- Spiral-bound: 496 pages
- Publisher: Addison-Wesley Professional; 1 edition (January 11, 1984)
- Language: English
- ISBN-10: 0201134489
- ISBN-13: 978-0201134483
- Product Dimensions: 7.9 x 1.3 x 9.1 inches
- Shipping Weight: 1.7 pounds (View shipping rates and policies)
- Average Customer Review: 20 customer reviews
- Amazon Best Sellers Rank: #1,054,453 in Books (See Top 100 in Books)
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The TeXbook 1st Edition
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From the Back Cover
Here is the definitive guide to the use of TeX, written by the system's creator, Donald E. Knuth.
TeX represents the state of the art in computer typesetting. It is particularly valuable where the document, article, or book to be produced contains a lot of mathematics, and where the user is concerned about typographic quality. TeX software offers both writers and publishers the opportunity to produce technical text of all kinds, in an attractive form, with the speed and efficiency of a computer system.
Novice and expert users alike will gain from The TeXbook the level of information they seek. Knuth warns newcomers away from the more difficult areas, while he entices experienced users with new challenges. The novice need not learn much about TeX to prepare a simple manuscript with it. But for the preparation of more complex documents, The TeXbook contains all the detail required.
Knuth's familiar wit, and illustrations specially drawn by Duane Bibby, add a light touch to an unusually readable software manual.
The TeXbook is the first in a five-volume series on Computers and Typesetting , all authored by Knuth.
About the Author
Donald E. Knuth is known throughout the world for his pioneering work on algorithms and programming techniques, for his invention of the Tex and Metafont systems for computer typesetting, and for his prolific and influential writing. Professor Emeritus of The Art of Computer Programming at Stanford University, he currently devotes full time to the completion of these fascicles and the seven volumes to which they belong.
Top customer reviews
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Even if you have no wish to poke into TeX's internals, the TeXbook is worth reading as a masterpiece of technical writing. Knuth asks you to solve exercises and tackle difficult passages marked with "dangerous bend" signs. He rewards you with witty epigraphs and in-jokes. (Regarding the pronunciation of TeX: "When you say it correctly to your computer, the terminal may become slightly moist"). Realizing how much thought Knuth has put into the design of TeX will make it harder for you to cut corners the next time you start a creative project. Among programming books I have read, only K&R has helped me more in improving myself intellectually.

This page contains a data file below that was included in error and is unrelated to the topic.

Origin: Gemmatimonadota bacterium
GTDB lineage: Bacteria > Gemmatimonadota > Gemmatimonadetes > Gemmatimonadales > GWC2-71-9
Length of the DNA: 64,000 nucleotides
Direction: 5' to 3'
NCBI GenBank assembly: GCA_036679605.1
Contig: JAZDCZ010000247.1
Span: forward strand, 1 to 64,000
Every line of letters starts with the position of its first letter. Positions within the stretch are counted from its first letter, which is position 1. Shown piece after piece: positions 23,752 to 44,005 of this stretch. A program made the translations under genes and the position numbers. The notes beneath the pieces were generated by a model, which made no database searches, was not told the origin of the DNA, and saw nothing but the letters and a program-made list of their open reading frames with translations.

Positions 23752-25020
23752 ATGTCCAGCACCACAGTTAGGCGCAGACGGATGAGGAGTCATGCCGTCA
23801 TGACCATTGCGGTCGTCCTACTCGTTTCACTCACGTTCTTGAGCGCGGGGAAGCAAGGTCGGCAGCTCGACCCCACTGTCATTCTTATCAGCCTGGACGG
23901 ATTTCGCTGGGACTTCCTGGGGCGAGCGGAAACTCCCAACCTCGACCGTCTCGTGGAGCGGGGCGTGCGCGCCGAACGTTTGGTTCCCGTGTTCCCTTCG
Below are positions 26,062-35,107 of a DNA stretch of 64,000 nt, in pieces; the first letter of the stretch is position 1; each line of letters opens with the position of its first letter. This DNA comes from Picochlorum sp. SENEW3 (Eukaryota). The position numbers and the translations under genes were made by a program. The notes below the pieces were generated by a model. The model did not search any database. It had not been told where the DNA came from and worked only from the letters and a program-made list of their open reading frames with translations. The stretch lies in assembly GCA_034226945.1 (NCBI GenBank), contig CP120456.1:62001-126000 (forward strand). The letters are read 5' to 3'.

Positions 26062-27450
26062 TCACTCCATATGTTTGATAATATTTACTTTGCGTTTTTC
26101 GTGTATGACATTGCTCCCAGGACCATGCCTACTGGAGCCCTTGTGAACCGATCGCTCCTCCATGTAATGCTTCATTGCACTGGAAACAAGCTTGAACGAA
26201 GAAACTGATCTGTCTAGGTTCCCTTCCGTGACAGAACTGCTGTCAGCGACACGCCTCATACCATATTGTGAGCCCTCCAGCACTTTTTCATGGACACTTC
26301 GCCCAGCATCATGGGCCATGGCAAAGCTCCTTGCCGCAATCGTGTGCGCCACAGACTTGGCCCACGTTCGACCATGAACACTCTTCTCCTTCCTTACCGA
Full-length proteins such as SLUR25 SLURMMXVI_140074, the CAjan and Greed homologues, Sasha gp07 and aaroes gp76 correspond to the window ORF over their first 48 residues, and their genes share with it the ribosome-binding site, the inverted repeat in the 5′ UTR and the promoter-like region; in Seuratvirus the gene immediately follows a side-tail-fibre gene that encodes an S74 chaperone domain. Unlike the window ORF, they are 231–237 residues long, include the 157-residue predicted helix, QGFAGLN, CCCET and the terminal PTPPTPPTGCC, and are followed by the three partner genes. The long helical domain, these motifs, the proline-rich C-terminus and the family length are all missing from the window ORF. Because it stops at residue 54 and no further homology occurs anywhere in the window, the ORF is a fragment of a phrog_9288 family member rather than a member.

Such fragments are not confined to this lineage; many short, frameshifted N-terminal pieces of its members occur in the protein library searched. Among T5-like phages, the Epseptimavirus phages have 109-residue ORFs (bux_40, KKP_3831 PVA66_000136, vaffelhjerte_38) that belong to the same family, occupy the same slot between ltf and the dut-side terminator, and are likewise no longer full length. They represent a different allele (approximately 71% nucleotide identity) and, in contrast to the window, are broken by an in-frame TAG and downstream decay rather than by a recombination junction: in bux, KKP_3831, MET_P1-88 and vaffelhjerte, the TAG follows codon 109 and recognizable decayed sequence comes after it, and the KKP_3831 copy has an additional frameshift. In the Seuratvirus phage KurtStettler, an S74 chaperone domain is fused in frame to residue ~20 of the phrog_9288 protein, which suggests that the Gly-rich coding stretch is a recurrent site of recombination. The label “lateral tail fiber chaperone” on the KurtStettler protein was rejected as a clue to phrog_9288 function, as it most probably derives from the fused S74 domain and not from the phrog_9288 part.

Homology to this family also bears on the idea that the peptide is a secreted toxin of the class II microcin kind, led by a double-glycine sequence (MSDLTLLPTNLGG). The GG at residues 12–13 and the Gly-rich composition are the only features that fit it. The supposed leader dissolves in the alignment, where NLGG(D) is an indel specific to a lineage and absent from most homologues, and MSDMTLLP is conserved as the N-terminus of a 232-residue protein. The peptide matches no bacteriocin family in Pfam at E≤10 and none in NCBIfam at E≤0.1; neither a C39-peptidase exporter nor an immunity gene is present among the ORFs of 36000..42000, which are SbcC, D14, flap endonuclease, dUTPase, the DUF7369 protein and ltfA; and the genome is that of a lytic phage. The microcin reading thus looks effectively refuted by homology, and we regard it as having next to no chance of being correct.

I readily stand by my four star rating: it teaches the reader about primitives, units, etc. However, one may ask "Who starts a new page with \vfill\eject when \newpage is way to go now?" However, if you want to know the answer to the follow-up question "Why is \newpage the way to go now?", then this book is for you.
This is not for someone looking to learn how to typeset in LaTeX (as of this writing, the current standard). It is intended for someone who wants a better understanding of the foundations of LaTeX.
The writing is superb, full of fine detail and more than a few clever jokes. Why can't recent books about modern systems be so delightful? Maybe David Pogue's Missing Manual series comes close, but the topics are not quite as technical.
As a reference, the TeXbook is weak because each command or concept is scattered across so many places: one introductory chapter, one summary chapter, in exercises, in "dangerous bend" passages, and so on. I believe the book is best organized for front to back reading, although probably in two or three passes if you include the dangerous bends. For reference, I prefer TeX by Topic by Victor Eijkhout. It is out of print, but available for download on his web site.
The paperback edition of the TeXbook is spiral bound. I appreciate that it lays flat, but the back pages are always falling out of the binding!
If you simply want to learn TeX, this is probably not the book for you, but if you're interested in the nuts and bolts of the TeX system, how Knuth tackled some of the problems with early typesetting, and more of the nitty gritty, then you'll love this book.